Up to 80 percent of our experience of our visual environment takes place via our visual perception. Without spatial vision, we would hardly be able to stay oriented. In recent decades, the neurosciences have gained many insights into the complex processes by which our brain's visual cortex ... more
Nature's Ingenuity Shows the Way
FusionOpticsTM - The New Dimension of StereomicroscopyAnja Schué, Leica Microsystems GmbH
Up to 80 percent of our experience of our visual environment takes place via our visual perception. Without spatial vision, we would hardly be able to stay oriented. In recent decades, the neurosciences have gained many insights into the complex processes by which our brain's visual cortex and cerebral cortex do the fascinating job of processing the signals originating from the eyes into an image. A study carried out jointly by Leica Microsystems and the Institute of Neuroinformatics at the University of Zurich and Swiss Federal Institute of Technology showed how flexible and powerfull our brain joins visual signals to create an optimal spatial image. The results provided the basis for an innovation in stereomicroscopy which, in terms of resolution and focus depth, has broken through limits that were previously impossible to overcome.
Stereomicroscopy enables us to view microstructures in 3D with the help of two separate beam paths—which, in principle, work like our two eyes. Ever since their discovery by Horatio S. Greenough, stereomicroscopes have worked according to the optical principles based primarily on Ernst Abbe's work. For over a century, optics designers have worked to push magnification, resolution and image quality to the limit permitted by optics. These limits are determined by the correlation between resolution, convergence angle and working distance. The higher the microscope resolution, the higher the convergence angle between the left and right beam paths and the lower the available working distance. However, increasing the distance between the optical axes would cause the three-dimensional image seen by the observer to become distorted; a cube in the object would then appear as a tall tower. A greater zoom range alone is of little use, since with increasing magnification, there is not an attendant increase in optical resolution. The result is what is known as empty magnification.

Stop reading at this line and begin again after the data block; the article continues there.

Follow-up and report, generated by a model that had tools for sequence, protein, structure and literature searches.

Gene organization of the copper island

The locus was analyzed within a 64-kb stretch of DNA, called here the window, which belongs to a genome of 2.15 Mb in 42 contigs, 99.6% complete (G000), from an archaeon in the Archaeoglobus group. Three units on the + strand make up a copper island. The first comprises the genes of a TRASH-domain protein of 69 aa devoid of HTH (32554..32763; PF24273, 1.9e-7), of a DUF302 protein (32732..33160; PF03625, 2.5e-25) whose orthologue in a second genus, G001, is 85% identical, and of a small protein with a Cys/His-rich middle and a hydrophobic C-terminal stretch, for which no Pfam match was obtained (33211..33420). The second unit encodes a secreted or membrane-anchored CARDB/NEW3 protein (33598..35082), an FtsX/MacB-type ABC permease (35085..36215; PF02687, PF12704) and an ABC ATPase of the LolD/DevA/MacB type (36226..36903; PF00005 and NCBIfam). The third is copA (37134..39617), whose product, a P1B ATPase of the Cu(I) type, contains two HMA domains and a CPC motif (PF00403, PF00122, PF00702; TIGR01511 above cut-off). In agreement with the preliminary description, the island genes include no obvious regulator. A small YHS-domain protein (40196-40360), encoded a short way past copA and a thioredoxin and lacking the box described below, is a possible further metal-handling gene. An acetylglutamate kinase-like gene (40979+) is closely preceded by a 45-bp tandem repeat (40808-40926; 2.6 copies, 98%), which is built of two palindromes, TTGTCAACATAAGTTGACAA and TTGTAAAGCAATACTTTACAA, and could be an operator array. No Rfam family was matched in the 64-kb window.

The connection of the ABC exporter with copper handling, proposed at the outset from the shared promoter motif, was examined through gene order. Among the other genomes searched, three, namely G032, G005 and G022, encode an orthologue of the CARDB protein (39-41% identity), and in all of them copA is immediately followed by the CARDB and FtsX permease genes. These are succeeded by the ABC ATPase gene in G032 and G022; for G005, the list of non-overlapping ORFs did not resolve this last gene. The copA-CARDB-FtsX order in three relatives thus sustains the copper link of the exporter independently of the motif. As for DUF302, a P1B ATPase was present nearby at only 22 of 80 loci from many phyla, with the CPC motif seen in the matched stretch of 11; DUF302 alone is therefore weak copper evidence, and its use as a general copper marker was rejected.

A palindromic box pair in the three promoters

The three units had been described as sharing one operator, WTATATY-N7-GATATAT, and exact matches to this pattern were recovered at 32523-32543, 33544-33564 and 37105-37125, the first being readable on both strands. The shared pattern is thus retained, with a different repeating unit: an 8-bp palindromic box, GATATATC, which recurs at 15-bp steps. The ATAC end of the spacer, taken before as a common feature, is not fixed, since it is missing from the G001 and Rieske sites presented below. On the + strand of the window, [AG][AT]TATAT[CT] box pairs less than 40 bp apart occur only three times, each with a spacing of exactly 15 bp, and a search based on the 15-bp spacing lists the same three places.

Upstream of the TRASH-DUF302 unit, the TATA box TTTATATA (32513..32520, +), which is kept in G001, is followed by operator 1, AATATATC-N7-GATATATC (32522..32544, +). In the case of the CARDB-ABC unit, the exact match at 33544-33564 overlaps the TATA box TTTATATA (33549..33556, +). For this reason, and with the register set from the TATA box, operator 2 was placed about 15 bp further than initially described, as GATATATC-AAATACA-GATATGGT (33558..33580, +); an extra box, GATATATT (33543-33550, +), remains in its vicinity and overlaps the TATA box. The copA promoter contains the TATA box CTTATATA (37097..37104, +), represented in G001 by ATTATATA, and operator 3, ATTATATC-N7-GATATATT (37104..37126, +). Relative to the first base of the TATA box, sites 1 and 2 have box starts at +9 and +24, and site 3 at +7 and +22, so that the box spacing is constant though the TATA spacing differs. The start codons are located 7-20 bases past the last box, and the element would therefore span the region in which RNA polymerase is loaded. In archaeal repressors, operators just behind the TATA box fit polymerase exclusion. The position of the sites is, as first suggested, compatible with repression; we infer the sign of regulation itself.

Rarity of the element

Limits are made to be broken
Scientific studies about visual perception and vision problems have shown that the brain can selectively process information from individual eyes and that it is very much capable of compensating for differences in the visual acuity of the two eyes. This gave the development engineers at Leica Microsystems a simple but ingenious idea. Why not make use of this ability of the brain and use each beam path of the microscope for different information? One image channel provides high resolution, the other focus depth. The two very different images are merged to a single, optimal spatial image by the brain. This completely new optical approach—applied for patent under the name FusionOptics™—brings with it two distinct advantages. Compared to existing stereomicroscopes, the resolution can be increased drastically and the focus depth can be improved significantly. Furthermore, the resolution can be increased without increasing the convergence angle between the two beam paths.
Fig. 1: Schematic depiction of the visual stimuli. A: The four possible perceptions of the test images. The test subjects specified where the grids appeared and whether they appeared in front of or behind the fixation point. B: An example from the test series for different binocular stimulation (corresponds to percept image 3 from A). The grids were presented to either the same eye or different eyes. A few patches were also shown shifted in one eye (white arrows).
Scientific study confirms new approach
However, the feasability of this design first had to be reviewed in light of neurophysiology—whether the brain can process signals that differ greatly between the two eyes into correct three-dimensional images. Earlier studies were primarily concerned with two-dimensional images. Leica Microsystems presented the idea to Dr. Daniel Kiper of the Institute of Neuroinformatics at the University of Zurich and Swiss Federal Institute of Technology, who specializes in researching signal processing in primate brains, which agreed to carry out corresponding studies. Kiper, along with Graduate Assistant Cornelia Schulthess and Dr. Harald Schnitzler of Leica Microsystems, designed a study. 36 test subjects with normal visual acuity underwent psychophysical tests that investigated the binocular combination of visual signals. Of particular interest was whether an interocular signal suppression takes place when both eyes are exposed to different stimuli. The result of this would be that the image of the suppressed eye would be perceived only partially or not at all.